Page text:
Cardinal George Pell is expected to hand his resignation to Pope Francis, a formality observers say the pontiff is unlikely to accept.
It is widely expected Pope Francis will keep Pell on in his role as the inaugural, and current, Prefect of the Secretariat for the Economy — essentially the Vatican's treasurer.
Pope Francis in early May confirmed the Ballarat born Cardinal will stay on as the Vatican's top financial official until at least 2019.
"There is no doubt that the Cardinal has been asked to stay on," an official from the cardinal's office said in mid-May.
Pell is a controversial figure in Australia. In March, he gave evidence to the sex abuse Royal Commission about his handling of accusations of abuse committed by priests when he was a senior church official in Melbourne and Ballarat in the 1970s and 1980s.
The all-but-ceremonial act of resignation comes as Pope Francis announced new laws to remove bishops who fail to sack paedophile priests.
In 2014 Pope Francis appointed Pell to head up the new Secretariat for the Economy in order to lead the administration of Vatican finances and increase the transparency of the city state's financial transactions.
Pell has said his team had found nearly $2 billion of church money kept off of the books, while 3000 accounts with the Vatican Bank had been closed, including some used for money laundering.
The Cardinal was excused from testifying in person at the Royal Commission into Institutional Responses to Child Abuse after the it accepted evidence he was too ill to travel.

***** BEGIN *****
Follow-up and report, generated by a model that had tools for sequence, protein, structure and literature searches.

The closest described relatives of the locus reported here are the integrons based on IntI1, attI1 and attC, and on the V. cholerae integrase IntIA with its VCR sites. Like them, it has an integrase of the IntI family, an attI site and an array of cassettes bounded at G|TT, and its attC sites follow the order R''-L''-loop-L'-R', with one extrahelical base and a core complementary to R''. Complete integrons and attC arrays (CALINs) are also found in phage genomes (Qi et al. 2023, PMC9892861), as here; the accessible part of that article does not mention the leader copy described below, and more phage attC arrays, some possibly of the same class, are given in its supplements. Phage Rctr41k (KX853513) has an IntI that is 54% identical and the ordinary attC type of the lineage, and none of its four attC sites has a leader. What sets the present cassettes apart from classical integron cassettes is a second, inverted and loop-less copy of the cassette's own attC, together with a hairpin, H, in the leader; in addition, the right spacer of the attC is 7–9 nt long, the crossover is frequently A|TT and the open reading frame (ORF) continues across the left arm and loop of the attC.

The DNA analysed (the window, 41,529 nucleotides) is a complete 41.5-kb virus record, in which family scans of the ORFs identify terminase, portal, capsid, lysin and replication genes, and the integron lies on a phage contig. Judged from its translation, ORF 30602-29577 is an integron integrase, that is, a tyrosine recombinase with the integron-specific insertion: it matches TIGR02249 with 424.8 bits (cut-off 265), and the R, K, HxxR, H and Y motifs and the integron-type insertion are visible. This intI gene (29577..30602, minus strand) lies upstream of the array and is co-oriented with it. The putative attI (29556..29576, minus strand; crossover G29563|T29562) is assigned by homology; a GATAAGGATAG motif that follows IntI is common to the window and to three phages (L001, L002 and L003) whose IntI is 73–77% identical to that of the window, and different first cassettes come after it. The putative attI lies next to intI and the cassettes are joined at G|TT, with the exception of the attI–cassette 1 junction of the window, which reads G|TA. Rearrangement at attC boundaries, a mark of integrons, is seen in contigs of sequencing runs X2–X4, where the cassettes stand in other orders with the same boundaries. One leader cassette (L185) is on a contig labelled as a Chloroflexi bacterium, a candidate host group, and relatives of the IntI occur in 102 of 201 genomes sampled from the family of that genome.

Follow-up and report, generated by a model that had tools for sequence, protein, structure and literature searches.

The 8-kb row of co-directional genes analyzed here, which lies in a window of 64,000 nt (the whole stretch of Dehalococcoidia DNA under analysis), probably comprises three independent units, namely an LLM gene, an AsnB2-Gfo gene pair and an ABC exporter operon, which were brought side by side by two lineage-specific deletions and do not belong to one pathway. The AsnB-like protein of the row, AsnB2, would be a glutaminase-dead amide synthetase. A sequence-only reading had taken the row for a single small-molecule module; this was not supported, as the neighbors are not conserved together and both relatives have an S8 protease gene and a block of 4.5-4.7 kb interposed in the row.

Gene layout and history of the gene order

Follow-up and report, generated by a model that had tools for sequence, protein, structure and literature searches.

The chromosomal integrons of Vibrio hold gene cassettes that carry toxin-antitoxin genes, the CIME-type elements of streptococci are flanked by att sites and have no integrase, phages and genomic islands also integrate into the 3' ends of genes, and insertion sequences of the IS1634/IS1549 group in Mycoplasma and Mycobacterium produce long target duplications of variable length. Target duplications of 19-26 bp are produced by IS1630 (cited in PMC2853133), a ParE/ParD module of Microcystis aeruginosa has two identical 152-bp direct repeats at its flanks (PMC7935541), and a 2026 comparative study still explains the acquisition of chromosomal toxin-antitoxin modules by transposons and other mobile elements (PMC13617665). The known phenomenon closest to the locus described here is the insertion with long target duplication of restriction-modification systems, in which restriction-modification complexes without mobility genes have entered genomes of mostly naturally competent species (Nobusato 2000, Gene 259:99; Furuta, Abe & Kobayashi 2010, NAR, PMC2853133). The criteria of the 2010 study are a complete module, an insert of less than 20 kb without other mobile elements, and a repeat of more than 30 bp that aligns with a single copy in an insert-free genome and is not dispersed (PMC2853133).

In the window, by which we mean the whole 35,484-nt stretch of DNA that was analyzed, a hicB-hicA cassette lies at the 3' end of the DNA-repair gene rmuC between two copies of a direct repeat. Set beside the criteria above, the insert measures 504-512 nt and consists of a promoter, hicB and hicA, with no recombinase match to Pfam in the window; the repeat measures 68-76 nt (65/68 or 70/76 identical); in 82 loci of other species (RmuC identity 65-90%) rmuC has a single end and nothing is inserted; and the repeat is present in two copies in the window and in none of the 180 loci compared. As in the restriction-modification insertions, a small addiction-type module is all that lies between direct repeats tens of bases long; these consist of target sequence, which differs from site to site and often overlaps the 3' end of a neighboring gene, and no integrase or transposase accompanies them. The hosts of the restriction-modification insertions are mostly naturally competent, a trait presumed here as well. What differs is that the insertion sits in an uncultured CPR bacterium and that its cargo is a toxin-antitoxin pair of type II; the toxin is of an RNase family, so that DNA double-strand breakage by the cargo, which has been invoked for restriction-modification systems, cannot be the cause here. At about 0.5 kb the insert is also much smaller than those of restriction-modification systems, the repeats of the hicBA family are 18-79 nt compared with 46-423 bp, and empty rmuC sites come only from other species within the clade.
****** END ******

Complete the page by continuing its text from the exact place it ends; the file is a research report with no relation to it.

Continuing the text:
During his video-linked testimony in March, Pell said resigning at that time would be an admission of guilt.
He also said the failure to protect children from paedophiles in the church in Victoria was "colossal failure of leadership" by those above him, but he said he had no "real power" or knowledge to act.
In an interview following the four days of hearings, Pell addressed a controversial moment where he said the "sad story" of abuse by paedophile priest Gerald Ridsdale "wasn't of much interest" to him.
Pell also admitted an abused boy complained to him directly about a Christian brother at a Victorian school "misbehaving with boys".
The Cardinal said he originally didn't do anything about the claim, before eventually inquiring with the school chaplain.
In 2014 the Pope accepted the resignation of Irish Cardinal Sean Brady on his 75th birthday, after his tenure was beset by clerical child sex abuse scandals and claims he helped to cover up one case.